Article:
• Noise – as you wind down, some light music is ok, heavy metal…maybe not so much. Keep it light, if anything!
  • Wake up

    • Noise and Light – Just like how we want to ease into falling asleep, we also want to ease our way out of bed. Waking up in a dark room with a harsh and loud alarm can make us feeling groggy after waking up. We suggest waking up to a soft light – ideally natural light, with no alarm. It’s the best! But in Minnesota during the winter months, waking up to natural light might be hard, and if you have to wake up at a certain time, an alarm of some kind might be necessary. For artificial light, check out a sunlight alarm (we love this one). The idea behind the sunlight alarm is to wakeup softly and slowly, so that you “wake up” rather than “jump up”.
    • Snooze – don’t touch it. Snooze button doesn’t exist. It won’t help your recovery, it’ll only increase your inertia, so to speak. No snooze. Need incentive? Put your alarm on the other side of the room.
    • Move – once you get up, start moving around. Don’t just sit right back down somewhere. Get yourself moving, go on a walk, get yourself ready for the day, and do the physical tasks on your to do list.
    • Screens – To go in line with moving, avoid screens of all kinds for at least 30 minutes after waking up. No phone, no email check, just get up and get moving with your day.


My nightly routine + wake up routine has been key to my recovery from workouts and general life stress. I’m less sore, more energetic, and it has been a real game changer when work and training increase. If I ever feel groggy and trashed, I check my sleep and nutrition first.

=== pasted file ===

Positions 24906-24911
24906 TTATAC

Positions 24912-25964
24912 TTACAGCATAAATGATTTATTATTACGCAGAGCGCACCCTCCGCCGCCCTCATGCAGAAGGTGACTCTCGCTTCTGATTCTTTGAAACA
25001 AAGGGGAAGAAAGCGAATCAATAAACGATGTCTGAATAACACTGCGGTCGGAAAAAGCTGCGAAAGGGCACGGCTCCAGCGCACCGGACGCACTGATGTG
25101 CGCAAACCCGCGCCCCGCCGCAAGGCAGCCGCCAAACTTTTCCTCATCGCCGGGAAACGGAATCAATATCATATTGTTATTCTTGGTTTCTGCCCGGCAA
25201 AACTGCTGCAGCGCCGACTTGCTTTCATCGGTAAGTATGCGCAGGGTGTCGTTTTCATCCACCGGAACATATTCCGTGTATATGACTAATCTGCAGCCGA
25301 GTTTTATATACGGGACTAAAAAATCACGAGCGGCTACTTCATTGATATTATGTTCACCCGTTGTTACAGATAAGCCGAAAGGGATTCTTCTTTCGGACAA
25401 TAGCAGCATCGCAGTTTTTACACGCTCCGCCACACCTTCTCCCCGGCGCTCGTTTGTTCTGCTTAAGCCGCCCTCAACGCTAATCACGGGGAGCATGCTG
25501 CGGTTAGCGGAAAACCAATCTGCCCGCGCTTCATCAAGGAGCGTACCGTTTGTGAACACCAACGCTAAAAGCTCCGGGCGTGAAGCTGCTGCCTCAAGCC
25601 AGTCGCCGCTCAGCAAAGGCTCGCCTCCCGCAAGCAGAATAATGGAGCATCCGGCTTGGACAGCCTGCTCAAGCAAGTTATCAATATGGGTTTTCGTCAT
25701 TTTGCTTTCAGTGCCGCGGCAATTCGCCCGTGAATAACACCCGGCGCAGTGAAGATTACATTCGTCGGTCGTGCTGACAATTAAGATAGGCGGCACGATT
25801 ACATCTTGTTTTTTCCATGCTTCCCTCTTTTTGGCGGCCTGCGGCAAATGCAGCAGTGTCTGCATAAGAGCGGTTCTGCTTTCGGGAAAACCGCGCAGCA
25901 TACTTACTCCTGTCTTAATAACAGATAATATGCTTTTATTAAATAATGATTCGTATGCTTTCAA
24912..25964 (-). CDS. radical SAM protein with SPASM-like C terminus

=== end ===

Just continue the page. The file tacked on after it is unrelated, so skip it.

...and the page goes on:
1. I start winding down about 9-9:30, cutting out screens around that time. Goal is to be lights out at 10:30. I make sure I have a general to do list for the next day figured out before this time, and have everything planned that I need to. Shower, brush my teeth, dim lighting in the bedroom, and set temperature for the room as needed. Ideally, my last meal was around 7:30 ish.
  2. I’ll sip water as I read, play a chill board game with company until 10:15 – 10:30. At that time, I’ll hit the dimming light on my sunlight alarm for when I shut my eyes. It starts bright, and dims to pitch black over a set time (I do 10 minutes) while the other lights are turned off in the room. If I’m really overworked, I’ll also set my phone alarm as a backup on the other side of the room.
  3. I wakeup at 4:30 – 5 AM most mornings to the sun alarm. I know I’m well rested when I wake up right when it turns on (if I set my sunlight alarm for 5 AM, it turns on super dim at 4:30). I know I’m exhausted when I wakeup closer to 5 or at worst, from the sound of my phone alarm.
  4. The second I open my eyes, I get up, get dressed, brush my teeth, grab my bag and head out the door. This is usually 7-10 minutes. I’ll head right to the gym to get in a quick workout before starting work for the day.
Nick Gifford (CF-L3)
Nick Gifford (CF-L3)Author
Nick Gifford, Head Coach and Owner of Gifford Fitness, CrossFit Red Lion and Gifford Barbell has coached over 3000 athletes since 2012. He has worked with athletes from all walks and stages of life, focusing on health and wellness, balance, and pursuing excellence.